Saad Hariri has, according to most observers, including the President of Lebanon, been held captive in Saudi Arabia by the Riyadh regime. His shock “resignation” delivered on Saudi state-run television in a Saudi dialect, took much of the world, including most political parties in Lebanon by surprise.
Over the last few days, Hariri Tweeted to his followers that he would be back in Lebanon within two days. Since this deadline passed, he changed his story to say that in the near future he would be back in Lebanon.
Lebanon, Iran and the EU have all issued statements seeking Saad Hariri’s safe and orderly return to Lebanon, but it appears he will be going to France instead.
“Lebanon’s Prime Minister Saad al-Hariri and his family will travel to France in coming days, a French presidential source said on Wednesday, after Emmanuel Macron invited him as part of efforts to defuse tensions in the Middle East.
Speaking in the German city of Bonn after a climate conference, Macron said his invitation was not an offer of exile for Hariri, who announced his abrupt resignation as premier 11 days ago from the Saudi capital Riyadh.
Lebanese President Michel Aoun, who has refused to accept his prime minister’s resignation, earlier on Wednesday accused the Saudis of holding Hariri hostage – and called this an act of aggression”.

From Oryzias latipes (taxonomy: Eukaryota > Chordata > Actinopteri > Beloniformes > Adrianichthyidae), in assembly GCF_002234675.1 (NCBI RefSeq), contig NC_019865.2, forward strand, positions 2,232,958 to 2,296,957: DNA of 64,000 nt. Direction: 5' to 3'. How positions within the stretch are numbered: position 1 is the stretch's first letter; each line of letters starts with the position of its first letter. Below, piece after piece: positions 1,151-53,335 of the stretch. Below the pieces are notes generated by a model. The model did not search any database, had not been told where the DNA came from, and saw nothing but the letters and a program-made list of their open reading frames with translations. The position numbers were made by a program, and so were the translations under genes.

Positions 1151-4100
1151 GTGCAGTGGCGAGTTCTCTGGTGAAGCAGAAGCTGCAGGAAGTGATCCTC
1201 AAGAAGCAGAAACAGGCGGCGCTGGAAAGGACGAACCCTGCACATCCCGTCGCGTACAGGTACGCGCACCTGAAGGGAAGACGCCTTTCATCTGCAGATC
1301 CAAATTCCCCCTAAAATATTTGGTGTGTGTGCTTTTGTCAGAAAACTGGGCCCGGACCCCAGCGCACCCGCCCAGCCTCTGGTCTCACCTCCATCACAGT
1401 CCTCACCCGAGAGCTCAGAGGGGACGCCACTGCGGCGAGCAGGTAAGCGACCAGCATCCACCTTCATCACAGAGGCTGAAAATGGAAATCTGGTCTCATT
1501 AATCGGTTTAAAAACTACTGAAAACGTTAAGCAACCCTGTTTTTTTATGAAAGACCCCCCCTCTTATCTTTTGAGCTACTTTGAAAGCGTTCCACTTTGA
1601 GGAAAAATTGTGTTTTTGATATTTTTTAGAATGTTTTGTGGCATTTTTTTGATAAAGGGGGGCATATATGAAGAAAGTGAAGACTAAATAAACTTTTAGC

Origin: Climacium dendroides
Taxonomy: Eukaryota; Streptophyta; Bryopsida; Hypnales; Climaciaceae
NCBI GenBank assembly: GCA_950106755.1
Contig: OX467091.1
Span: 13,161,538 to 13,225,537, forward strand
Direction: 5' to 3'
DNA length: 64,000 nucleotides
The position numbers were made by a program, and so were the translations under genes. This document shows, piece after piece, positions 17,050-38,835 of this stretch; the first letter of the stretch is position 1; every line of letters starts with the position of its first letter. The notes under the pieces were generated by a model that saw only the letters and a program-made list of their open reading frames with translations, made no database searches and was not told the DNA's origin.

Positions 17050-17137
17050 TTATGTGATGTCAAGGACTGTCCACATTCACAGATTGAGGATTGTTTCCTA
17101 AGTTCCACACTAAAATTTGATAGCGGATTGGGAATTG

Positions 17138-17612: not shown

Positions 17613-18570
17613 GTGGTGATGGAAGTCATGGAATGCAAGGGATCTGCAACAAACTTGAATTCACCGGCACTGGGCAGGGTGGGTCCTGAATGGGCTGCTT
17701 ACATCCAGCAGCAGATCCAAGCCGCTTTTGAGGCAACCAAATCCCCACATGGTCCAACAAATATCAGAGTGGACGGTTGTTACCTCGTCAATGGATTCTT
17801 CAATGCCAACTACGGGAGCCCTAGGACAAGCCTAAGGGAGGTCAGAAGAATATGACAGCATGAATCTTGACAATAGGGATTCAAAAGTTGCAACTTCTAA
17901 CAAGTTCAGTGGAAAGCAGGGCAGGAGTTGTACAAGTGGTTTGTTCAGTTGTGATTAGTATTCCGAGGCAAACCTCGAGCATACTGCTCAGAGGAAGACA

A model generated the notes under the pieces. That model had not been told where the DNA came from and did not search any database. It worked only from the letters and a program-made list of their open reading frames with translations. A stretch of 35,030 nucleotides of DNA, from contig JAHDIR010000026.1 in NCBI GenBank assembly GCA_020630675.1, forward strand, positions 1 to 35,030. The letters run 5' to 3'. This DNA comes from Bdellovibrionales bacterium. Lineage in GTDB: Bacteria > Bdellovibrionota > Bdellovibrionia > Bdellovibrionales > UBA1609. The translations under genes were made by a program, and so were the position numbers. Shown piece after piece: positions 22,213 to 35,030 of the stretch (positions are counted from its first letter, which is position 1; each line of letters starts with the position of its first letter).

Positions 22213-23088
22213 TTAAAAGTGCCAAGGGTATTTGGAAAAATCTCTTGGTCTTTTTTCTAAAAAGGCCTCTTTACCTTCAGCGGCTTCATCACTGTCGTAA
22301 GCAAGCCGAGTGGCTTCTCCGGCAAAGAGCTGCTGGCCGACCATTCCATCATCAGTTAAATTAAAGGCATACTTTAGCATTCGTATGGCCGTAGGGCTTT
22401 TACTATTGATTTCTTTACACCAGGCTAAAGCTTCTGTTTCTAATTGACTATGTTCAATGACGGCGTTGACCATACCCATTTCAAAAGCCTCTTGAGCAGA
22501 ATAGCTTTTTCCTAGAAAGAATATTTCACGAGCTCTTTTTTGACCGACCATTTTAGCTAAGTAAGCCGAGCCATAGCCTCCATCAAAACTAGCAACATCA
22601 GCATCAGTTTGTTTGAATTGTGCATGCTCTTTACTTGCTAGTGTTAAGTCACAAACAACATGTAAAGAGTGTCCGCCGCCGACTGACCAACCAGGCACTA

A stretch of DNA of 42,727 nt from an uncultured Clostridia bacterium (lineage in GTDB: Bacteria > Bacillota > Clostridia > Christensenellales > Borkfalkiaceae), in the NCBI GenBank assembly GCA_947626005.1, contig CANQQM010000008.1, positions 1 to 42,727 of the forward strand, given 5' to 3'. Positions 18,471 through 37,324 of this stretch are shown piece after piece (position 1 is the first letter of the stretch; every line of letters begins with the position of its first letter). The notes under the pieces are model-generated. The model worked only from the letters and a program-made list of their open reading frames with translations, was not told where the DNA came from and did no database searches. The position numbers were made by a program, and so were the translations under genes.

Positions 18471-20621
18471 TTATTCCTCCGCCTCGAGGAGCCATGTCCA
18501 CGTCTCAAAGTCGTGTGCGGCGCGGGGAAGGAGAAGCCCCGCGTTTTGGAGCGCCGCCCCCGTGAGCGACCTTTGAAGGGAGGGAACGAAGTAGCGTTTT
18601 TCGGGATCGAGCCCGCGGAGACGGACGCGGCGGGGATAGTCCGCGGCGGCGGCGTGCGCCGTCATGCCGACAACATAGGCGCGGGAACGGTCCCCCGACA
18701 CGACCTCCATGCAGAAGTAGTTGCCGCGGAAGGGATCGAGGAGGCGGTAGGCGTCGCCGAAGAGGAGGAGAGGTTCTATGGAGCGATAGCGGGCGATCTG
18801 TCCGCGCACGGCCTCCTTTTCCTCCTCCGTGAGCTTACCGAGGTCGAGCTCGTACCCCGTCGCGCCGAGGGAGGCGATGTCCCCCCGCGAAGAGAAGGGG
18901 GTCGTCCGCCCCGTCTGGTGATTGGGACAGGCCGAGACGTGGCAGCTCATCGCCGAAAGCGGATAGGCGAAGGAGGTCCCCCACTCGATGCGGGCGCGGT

French President Emmanuel Macron made an emergency visit to Saudi Arabia five days ago. Logic would dictate that a deal was struck whereby the Saudi regime is happy to hand Hariri over to the French, though they refuse to allow him safe passage to Lebanon.
Whether Hariri will travel from Lebanon from France is at this point, anyone’s guess. If the Saudi regime has effectively instructed Hariri not to travel to Lebanon or else face financial ruin in respect of his vast Saudi assets, or worse yet, death at the hands of a Saudi proxy terrorist group such as al-Qaeda, his fate may be that of a permanent exile in Europe. While the Saudi script Hariri read stated that Iran and Hezbollah threatened his life, rumours that were dismissed outright by the non-partisan Lebanese Army, Police and security services, it appears his life is now under threat from the Saudi regime.
In many ways, the move appears to be a face saving compromise for President Macron. France still maintains business and cultural connections to Lebanon and if the French President was unable to achieve anything for the “former” Lebanese PM by travelling to Saudi, it would have made France look impotent to Lebanese eyes, something which would be considered devastating in many French circles.
Now, it would appear that while France will guarantee Hariri’s safety, Saudi has insured that his political career, is at least for the time being, over.
The statements, views and opinions expressed in this column are solely those of the author and do not necessarily represent those of The Duran.